Property management is an industry that just about anyone can enter – but not everyone should. If it were easy, everyone would be doing it! To be successful in the industry, it takes experience, strategy, and patience. Sometimes, even that isn’t enough.
The to-do list is never-ending. Sometimes, rather than focusing on what should be done, it’s learning what needs to be avoided. This article will dive into five mistakes that are commonly made by new landlords.
Not allowing people to have pets can alienate many potential tenants. In Houston, 41% of people own at least one dog! By not allowing pets, you are already turning away nearly half of our potential tenant pool.
Additionally, even if someone doesn’t have a pet, knowing they can’t get one down the road can be a red flag. Discouraging pets can come across as being strict and uptight, especially in today’s culture, where people want more freedom to do what they want and deal with their own consequences.
Of course, there are exceptions to this rule, but as a general recommendation, anytime you alienate potential tenants, you could lose business.
Doing Everything Yourself
Another big issue that new landlords face is trying to do everything themselves. This may be fine if you can devote all your time and resources to running a rental property. But if you’ve got a full-time job and other responsibilities, trying to add being a landlord to your plate can be unwise and, in some cases, dangerous.
Instead, use a property management company such as Green Residential. Green Residential is a Houston-based residential property company that serves the Dallas area and provides some of the following services:
- Tenant Screening – Make sure tenants are the right fit for the property.
- Property Marketing – Have multiple properties or need to find a new tenant? They can do all the work for you to find someone new.
- Rental Collection and Eviction Services – Rather than having a tenant pay you directly, a property rental company will do it for you. This includes dealing with drama and issues that may arise from the tenants. Additionally, if a tenant doesn’t pay, they will deal with eviction for you.
- Support and Help – Most companies will be happy to help out with any questions you may have.
By providing all these services, you can feel more confident in the entire process and it will save you lots of time. Yes, the services will cost you, but think to yourself, how much is your time worth, and how much is the ease of mind knowing that everything is being taken care of correctly?
Being Too Flexible
When you set up your first rental, it can be easy to want to avoid conflict and be easygoing when a potential tenant tries to negotiate. While negotiation is a common tactic, going too far can result in selling yourself short.
One way to avoid this is to set boundaries before talking with potential tenants. Consider certain conditions, such as whether you are willing to cover landscaping. What about taking $50 off a month? Is month-to-month paying fair, or is a lease necessary? Will you charge a pet fee? These are all situations landlords need to consider before speaking with a potential tenant. Otherwise, it could get costly, especially if you’re desperate to get someone into the home.
Just because anyone can become a landlord doesn’t mean everyone has success. One of the biggest mistakes new landlords make is jumping into the business before understanding how it works. Below are just some areas that should be researched before getting into the industry:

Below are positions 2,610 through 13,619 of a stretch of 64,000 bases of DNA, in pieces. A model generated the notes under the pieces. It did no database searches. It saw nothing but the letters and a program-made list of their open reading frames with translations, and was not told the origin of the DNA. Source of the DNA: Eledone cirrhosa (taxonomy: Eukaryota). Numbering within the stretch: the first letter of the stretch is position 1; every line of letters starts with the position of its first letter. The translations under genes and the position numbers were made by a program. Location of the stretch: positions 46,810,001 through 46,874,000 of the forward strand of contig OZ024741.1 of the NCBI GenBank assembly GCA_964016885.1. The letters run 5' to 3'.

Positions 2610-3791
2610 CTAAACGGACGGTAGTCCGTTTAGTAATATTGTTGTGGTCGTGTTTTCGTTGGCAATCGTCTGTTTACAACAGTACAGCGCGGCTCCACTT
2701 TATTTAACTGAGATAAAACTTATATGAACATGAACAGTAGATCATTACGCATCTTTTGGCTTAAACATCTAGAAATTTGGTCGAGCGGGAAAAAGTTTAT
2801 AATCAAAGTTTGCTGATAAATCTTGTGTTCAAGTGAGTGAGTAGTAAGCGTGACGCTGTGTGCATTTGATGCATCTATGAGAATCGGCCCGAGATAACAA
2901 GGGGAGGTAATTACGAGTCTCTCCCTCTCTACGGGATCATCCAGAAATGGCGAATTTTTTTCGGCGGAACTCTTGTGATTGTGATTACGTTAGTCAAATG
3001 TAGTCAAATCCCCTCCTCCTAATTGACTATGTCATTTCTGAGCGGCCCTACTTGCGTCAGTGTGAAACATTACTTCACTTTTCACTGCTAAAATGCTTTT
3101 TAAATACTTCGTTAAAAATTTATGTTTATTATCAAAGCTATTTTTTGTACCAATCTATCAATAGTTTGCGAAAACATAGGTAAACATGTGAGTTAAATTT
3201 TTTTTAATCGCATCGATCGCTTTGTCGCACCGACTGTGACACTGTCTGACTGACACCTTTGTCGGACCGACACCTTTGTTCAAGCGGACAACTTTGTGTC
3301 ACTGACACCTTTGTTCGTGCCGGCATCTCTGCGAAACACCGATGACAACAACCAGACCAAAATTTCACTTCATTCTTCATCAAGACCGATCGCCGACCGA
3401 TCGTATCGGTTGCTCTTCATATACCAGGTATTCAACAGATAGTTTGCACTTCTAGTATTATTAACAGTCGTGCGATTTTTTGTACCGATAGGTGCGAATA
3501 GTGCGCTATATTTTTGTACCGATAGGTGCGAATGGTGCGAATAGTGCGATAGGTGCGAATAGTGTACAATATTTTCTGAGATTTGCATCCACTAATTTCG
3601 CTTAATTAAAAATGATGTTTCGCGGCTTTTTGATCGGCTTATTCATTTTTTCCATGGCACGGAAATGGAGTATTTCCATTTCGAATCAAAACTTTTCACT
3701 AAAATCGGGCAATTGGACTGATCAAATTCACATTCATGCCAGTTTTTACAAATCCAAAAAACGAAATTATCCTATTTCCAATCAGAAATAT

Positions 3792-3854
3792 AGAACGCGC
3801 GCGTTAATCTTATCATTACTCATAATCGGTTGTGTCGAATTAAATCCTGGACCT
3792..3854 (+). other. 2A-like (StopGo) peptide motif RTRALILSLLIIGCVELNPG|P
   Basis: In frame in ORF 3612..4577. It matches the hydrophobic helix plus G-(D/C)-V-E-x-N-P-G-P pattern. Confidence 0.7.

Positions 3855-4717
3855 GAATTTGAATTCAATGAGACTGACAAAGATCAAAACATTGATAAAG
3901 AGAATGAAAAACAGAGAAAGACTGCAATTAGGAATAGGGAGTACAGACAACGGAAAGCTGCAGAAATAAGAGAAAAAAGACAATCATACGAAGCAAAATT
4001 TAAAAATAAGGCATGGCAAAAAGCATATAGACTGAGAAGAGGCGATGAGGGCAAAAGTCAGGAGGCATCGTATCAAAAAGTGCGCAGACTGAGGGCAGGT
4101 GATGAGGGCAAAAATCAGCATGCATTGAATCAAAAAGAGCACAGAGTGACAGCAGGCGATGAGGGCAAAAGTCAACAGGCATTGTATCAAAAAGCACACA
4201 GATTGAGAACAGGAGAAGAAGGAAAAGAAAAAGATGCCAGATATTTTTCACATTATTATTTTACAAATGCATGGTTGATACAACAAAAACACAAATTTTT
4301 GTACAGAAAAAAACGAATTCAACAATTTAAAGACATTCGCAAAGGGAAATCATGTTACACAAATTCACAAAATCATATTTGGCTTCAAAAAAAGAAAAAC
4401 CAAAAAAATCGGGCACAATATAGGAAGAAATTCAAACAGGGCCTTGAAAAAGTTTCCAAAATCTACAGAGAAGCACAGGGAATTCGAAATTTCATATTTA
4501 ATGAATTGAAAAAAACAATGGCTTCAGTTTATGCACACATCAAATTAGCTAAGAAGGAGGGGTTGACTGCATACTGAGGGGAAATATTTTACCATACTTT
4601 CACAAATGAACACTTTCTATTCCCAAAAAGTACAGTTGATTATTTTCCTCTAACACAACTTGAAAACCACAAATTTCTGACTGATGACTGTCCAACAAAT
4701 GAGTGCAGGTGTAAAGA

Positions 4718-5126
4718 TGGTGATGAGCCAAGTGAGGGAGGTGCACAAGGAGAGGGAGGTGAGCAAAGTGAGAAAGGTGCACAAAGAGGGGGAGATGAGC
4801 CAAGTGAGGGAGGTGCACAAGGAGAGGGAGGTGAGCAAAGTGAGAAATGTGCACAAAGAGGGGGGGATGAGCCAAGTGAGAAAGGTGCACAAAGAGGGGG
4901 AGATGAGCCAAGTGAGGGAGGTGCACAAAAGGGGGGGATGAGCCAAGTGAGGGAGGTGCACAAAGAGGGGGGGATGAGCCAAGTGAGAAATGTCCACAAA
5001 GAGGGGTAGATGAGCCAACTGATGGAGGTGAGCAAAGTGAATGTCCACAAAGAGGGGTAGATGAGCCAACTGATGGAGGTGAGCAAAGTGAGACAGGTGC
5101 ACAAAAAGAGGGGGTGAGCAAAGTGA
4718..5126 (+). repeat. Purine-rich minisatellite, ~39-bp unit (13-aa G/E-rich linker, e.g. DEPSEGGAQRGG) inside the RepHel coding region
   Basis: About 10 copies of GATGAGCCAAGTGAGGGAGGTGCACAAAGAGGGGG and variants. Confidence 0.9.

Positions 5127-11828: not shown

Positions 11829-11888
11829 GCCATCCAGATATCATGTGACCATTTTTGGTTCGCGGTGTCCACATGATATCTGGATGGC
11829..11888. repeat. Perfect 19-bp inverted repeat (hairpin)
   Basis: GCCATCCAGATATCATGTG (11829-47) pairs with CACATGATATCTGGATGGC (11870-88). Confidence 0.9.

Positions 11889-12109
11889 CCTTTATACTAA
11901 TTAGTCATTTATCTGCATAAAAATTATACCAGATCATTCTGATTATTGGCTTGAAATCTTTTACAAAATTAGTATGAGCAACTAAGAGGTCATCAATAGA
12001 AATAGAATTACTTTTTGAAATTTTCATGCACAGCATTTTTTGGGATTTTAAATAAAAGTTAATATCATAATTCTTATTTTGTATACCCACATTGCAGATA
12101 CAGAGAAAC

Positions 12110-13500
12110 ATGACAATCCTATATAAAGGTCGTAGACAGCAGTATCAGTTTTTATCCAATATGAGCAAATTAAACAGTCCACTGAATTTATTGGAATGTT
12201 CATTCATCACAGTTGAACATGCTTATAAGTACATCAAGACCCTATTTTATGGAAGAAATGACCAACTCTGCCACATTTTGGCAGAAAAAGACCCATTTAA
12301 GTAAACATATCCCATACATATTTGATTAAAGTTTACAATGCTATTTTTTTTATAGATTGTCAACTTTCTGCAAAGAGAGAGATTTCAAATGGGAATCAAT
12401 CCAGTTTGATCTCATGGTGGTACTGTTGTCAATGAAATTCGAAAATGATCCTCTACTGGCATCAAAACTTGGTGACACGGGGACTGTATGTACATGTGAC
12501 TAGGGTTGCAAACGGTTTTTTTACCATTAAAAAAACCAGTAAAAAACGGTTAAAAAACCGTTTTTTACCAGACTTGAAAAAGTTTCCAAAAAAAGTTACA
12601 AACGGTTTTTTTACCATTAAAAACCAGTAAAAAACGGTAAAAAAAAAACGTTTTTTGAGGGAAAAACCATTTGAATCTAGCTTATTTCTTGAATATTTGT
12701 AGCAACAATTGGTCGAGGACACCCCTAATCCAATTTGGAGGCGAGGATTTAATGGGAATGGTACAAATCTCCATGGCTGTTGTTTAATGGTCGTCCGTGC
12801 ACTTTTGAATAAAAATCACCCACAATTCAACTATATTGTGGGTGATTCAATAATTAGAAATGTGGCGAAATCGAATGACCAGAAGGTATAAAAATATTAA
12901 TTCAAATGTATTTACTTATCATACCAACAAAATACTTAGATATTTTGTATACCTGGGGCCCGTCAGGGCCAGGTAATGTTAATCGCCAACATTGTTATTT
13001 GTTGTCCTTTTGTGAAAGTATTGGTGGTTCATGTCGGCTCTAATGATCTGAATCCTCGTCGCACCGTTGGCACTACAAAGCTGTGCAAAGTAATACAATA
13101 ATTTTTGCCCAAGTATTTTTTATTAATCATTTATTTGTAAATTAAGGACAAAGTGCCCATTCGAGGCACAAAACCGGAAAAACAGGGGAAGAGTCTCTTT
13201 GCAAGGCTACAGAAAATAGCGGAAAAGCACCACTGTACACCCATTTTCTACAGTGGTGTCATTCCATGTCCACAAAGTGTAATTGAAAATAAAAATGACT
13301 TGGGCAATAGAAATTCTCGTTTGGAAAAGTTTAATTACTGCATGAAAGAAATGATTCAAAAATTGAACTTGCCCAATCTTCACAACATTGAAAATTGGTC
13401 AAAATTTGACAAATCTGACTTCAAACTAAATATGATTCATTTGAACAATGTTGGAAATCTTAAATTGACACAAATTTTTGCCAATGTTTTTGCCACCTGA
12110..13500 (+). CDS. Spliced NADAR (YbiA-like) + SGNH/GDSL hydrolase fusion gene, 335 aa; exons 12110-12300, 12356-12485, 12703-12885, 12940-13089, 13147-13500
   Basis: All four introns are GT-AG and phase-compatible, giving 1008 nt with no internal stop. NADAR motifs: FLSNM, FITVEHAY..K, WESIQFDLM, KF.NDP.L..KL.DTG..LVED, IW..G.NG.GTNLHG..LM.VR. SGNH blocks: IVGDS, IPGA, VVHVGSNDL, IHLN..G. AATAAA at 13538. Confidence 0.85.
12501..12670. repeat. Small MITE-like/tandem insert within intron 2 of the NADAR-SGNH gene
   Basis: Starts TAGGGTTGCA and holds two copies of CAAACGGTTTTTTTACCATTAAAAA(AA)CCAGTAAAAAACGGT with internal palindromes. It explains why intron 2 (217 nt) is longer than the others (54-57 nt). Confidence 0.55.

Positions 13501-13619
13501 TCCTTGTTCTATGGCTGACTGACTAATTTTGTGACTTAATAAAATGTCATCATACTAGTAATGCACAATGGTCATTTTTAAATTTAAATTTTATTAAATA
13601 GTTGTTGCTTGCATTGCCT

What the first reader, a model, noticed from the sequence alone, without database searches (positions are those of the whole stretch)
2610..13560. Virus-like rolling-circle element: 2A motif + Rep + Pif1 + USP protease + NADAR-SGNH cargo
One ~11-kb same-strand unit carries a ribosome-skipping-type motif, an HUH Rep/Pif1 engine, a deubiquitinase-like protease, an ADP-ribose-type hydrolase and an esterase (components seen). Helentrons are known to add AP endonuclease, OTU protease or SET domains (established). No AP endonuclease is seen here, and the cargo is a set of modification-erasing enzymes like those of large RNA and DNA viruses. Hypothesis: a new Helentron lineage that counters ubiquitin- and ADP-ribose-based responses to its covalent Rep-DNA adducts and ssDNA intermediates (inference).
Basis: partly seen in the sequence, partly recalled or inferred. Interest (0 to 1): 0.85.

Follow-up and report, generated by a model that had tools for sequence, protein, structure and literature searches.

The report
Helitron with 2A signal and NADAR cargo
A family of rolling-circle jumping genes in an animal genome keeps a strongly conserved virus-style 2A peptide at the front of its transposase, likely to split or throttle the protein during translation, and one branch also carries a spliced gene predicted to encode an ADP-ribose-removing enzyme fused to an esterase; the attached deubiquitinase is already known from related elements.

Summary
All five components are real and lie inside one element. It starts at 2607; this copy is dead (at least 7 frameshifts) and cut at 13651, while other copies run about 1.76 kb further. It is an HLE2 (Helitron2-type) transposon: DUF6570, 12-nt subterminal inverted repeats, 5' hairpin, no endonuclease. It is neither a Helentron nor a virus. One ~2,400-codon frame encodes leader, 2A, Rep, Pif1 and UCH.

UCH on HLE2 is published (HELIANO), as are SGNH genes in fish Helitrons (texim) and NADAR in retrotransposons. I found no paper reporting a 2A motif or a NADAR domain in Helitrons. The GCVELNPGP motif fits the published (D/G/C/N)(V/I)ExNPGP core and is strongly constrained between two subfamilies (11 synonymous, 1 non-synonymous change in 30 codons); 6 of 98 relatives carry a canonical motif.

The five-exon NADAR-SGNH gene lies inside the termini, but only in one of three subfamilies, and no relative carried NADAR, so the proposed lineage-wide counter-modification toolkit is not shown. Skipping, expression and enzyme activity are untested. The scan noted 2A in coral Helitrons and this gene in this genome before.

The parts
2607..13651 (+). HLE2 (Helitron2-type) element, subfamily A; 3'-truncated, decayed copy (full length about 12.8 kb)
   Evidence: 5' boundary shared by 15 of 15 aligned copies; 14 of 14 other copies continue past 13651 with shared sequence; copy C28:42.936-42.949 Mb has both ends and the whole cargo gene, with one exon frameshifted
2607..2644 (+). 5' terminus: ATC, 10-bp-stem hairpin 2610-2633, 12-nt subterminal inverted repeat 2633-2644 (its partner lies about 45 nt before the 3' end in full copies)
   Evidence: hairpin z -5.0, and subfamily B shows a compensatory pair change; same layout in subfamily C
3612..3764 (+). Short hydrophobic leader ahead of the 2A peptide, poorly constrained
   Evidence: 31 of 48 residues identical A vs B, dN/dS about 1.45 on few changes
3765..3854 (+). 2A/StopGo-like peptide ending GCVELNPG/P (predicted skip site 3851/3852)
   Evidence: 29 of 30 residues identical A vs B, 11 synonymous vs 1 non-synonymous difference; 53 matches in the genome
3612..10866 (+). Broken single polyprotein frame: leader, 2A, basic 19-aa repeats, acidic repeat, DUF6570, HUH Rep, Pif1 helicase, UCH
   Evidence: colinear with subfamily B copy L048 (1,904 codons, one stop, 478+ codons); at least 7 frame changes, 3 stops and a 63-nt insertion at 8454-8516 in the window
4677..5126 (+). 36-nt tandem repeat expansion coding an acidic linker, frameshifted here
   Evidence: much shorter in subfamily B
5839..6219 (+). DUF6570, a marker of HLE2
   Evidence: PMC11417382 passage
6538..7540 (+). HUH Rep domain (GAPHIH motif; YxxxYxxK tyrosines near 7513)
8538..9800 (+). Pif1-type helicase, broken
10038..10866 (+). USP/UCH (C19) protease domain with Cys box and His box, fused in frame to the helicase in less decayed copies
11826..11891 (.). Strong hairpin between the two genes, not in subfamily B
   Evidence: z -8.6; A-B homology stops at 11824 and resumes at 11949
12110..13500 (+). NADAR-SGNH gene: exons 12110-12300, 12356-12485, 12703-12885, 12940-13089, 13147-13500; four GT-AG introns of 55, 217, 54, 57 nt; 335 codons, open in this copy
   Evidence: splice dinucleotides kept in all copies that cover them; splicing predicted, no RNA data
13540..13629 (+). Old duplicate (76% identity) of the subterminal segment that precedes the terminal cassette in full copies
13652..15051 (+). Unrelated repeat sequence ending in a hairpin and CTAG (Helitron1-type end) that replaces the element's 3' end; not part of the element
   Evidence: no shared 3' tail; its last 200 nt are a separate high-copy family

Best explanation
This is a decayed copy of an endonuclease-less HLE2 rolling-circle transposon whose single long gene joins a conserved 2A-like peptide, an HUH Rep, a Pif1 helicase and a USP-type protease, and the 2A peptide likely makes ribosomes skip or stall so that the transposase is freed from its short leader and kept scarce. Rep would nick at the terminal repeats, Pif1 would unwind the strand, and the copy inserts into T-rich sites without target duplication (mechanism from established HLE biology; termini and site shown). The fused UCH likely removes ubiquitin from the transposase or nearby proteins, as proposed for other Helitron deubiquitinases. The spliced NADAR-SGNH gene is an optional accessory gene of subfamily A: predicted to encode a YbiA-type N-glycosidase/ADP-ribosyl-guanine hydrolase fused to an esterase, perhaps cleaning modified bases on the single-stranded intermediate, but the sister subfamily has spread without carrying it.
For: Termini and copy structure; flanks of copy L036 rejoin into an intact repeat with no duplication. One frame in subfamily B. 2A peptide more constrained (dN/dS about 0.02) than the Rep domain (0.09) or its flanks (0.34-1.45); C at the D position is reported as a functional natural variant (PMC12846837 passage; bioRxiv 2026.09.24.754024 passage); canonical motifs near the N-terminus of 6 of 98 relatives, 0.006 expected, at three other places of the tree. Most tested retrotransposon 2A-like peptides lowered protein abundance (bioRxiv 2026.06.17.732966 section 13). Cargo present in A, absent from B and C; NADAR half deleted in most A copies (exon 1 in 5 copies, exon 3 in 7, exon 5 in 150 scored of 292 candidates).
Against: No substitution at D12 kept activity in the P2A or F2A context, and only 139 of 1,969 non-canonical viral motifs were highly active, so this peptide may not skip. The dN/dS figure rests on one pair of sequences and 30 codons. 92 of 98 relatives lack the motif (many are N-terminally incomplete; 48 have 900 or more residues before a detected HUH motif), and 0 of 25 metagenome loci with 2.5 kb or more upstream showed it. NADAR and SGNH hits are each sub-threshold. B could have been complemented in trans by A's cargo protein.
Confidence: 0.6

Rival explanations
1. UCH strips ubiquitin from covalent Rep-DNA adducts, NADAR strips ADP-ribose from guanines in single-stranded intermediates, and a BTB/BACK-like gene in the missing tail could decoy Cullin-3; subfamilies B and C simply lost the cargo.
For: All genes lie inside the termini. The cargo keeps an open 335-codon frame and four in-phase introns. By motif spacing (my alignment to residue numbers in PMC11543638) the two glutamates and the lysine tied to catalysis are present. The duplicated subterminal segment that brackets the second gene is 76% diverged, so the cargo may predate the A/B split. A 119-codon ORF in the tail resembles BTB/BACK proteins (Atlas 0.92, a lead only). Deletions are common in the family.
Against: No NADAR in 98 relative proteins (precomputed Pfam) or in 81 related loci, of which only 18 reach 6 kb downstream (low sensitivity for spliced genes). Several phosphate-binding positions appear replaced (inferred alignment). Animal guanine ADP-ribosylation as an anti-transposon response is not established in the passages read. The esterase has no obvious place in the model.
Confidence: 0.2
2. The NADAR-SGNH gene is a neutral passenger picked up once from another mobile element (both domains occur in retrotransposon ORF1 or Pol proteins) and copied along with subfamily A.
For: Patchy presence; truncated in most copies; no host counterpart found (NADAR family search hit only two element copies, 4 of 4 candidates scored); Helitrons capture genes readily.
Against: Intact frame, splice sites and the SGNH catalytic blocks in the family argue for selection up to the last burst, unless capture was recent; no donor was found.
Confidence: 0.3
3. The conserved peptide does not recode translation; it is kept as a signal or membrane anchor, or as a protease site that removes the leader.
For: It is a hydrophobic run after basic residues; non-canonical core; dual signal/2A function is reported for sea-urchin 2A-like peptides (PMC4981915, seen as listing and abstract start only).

- Legal Requirements – What laws are specific to your area?
- Market – How is the market doing? What trends have recently changed?
- Communication – How to communicate with a tenant in good and bad situations.
- Finances – Is there still a mortgage? What about taxes and other expenses? You need to make sure that the difference between money going out and coming in is significant enough to cover any losses that may come up, such as a month without payments or repairs for something that may break, such as a water heater or toilet.
- Screening – There are different ways to screen a potential tenant, and knowing how to do it can protect the home from damage.
- Maintenance – Figuring out what gets covered by the landlord vs. tenant is always a battle. Learning the norms of this can save thousands.
- Emergency Plans – What happens in case of an emergency?
- Local Regulations – Understanding building codes, zoning regulations, and lease regulations can prevent high fees and let you know whether you can rent the property.
Researching and understanding all of these different topics can help prevent potential issues and help you decide whether this is an industry you really want to get involved in. It will also prepare you to answer any tough questions that may come up with potential tenants. The fastest way to lose a potential tenant is not to sound confident in what you are doing.
Like any industry, getting your name out there or getting your rental properties known in the community will take time. Search engines will almost always highlight and promote places that have been on the market multiple times or have the backing of a large company.
Have patience and know that more recognition and opportunity will come with hard work.
Getting into the property management sector shouldn’t be taken lightly. There is a lot of money to be made in the industry if done right, but that’s the key: it has to be done right. With these five tips, you can feel more confident in knowing if you should continue down the path and whether it will be successful.
Again, don’t be afraid to outsource for help. As one of the points mentioned, using a company like Green Residential could be the best decision you ever make regarding property management. Explore your options and decide what will work best for you.